BtoB Lead Generation is Wrong

August 22nd, 2013 by Matthew Rosenhaft Leave a reply »

What we call “lead generation” today is really short-hand for multiple processes, none of which is “lead generation” and all of which is causing major headaches for BtoB companies today. This short-hand is actually the root cause of the declines BtoB technology companies are seeing in “traditional lead generation” channels. In reality, leads are the outcome of a several step process. With the changes in buyer behavior over the last couple of years, digital has really split our “pipeline” into 2 separate distinct staged funnels.

First is the awareness marketing funnel which is pretty simply the goal is to get prospective buyers aware of our solution and hopefully our brand of solution. Almost all lead generation activities fall into this pipeline – anything with a campaign (email, search, direct), PR, shows, etc. The goal is to now get them to come to our website for education and conversion. In short, we use our websites now to qualify on interest.

Second funnel is the sales funnel which then becomes a a qualification on ability to purchase, configuration, differentiation, negotiation, business case, etc. The hope is that our sales team is better positioned that their sales team and we can guide the buyer(s) towards our version of solution. Traditional funnel activities ensue, but a lot gets lost to misinformation, poor fit, lack of access to the buyers and influencers, formalized RFPs, and lack of clarity from the buyers as to their exact needs. Throw in strong competitors, budgeting battles, etc and you get a lot of “non-decisions” or lengthy sales cycles from hell that are far longer that the cost of your solution should require.

But, this 2 stage process is also causing considerable havoc on both out ability to generate the “lead” at the website (unqaulified) and the close “in the funnel for sales (conversion). Why?

1. Almost all awareness marketing is directed at “solution awareness”, so you are generating awareness of self-aware, educated buyers. 80% of buyers are NOT self-aware, technical experts. Consider your last committee sale. Did everyone around the table understand the differences and nuances? Probably not. Probably the decision maker was an executive who was not interested in the technical nuances, but rather what would they get, how much, did the technical team do their homework, risks, resources, etc.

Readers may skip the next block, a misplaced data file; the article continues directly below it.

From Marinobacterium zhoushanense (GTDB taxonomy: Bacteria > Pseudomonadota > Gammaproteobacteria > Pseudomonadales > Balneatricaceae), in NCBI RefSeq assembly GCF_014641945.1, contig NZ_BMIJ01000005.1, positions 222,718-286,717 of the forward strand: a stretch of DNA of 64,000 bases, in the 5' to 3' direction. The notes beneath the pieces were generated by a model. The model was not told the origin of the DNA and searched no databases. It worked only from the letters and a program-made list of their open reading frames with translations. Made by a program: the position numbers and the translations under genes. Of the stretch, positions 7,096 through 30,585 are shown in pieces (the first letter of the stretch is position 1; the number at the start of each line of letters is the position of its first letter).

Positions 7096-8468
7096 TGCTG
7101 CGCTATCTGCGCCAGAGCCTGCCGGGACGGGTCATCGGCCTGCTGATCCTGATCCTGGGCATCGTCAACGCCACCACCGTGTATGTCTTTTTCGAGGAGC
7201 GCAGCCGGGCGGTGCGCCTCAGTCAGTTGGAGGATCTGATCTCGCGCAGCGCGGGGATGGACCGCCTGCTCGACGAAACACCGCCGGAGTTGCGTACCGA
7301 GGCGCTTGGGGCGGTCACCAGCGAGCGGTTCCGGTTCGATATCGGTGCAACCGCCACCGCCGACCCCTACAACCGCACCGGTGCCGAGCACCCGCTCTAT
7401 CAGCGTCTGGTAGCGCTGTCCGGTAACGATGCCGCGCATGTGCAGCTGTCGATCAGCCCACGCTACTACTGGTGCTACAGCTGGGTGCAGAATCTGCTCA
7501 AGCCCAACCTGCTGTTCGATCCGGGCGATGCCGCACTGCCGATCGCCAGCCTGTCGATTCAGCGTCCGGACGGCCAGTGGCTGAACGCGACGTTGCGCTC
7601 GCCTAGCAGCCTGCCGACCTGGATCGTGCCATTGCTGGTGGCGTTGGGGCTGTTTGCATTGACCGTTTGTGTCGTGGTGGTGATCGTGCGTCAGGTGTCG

2. What problem is the buyer(s) trying to solve? If they buy with a different process, have different requirements, have different pain symptoms, different decision makers; are they trying to solve the same problem? Do you find disagreement on the same teams as to symptoms / underlying problems? Of course you do. If you market awareness generically focusing on the similarities to other competitors in the same space, how does that align to all that investment that you made in developing your unique IP? If your larger competitors bundle a bunch of stuff, but you are a specialist and expert in an area, why would you focus on the generic larger category and not on your unqiue strengths. Are their problems that you solve better than anyone else?

3. The difference between potential and likely cannot be understated. Potential is demographically the buyer(s) should be our target. Role, industry, size, etc. BUT, since timing is a huge part of qualification, you don’t know if the no response to your awareness marketing is non-interest, no need, annoyed, or confused. If I buy a category once every 5-7 years, that means a vast majority of buyers are NOT in my market today. Won’t be for years. How much “awareness” will they tolerate before becoming immune to the messaging, perceive all of the competitors as commodities and interchangeable, or actually become hostile to a brand. With the average tenure of 18 months for CMOs, let’s just hope that you are early in the product lifecycle with a lot of upside rather than the CMO coming at the end of a 5-7 year cycle.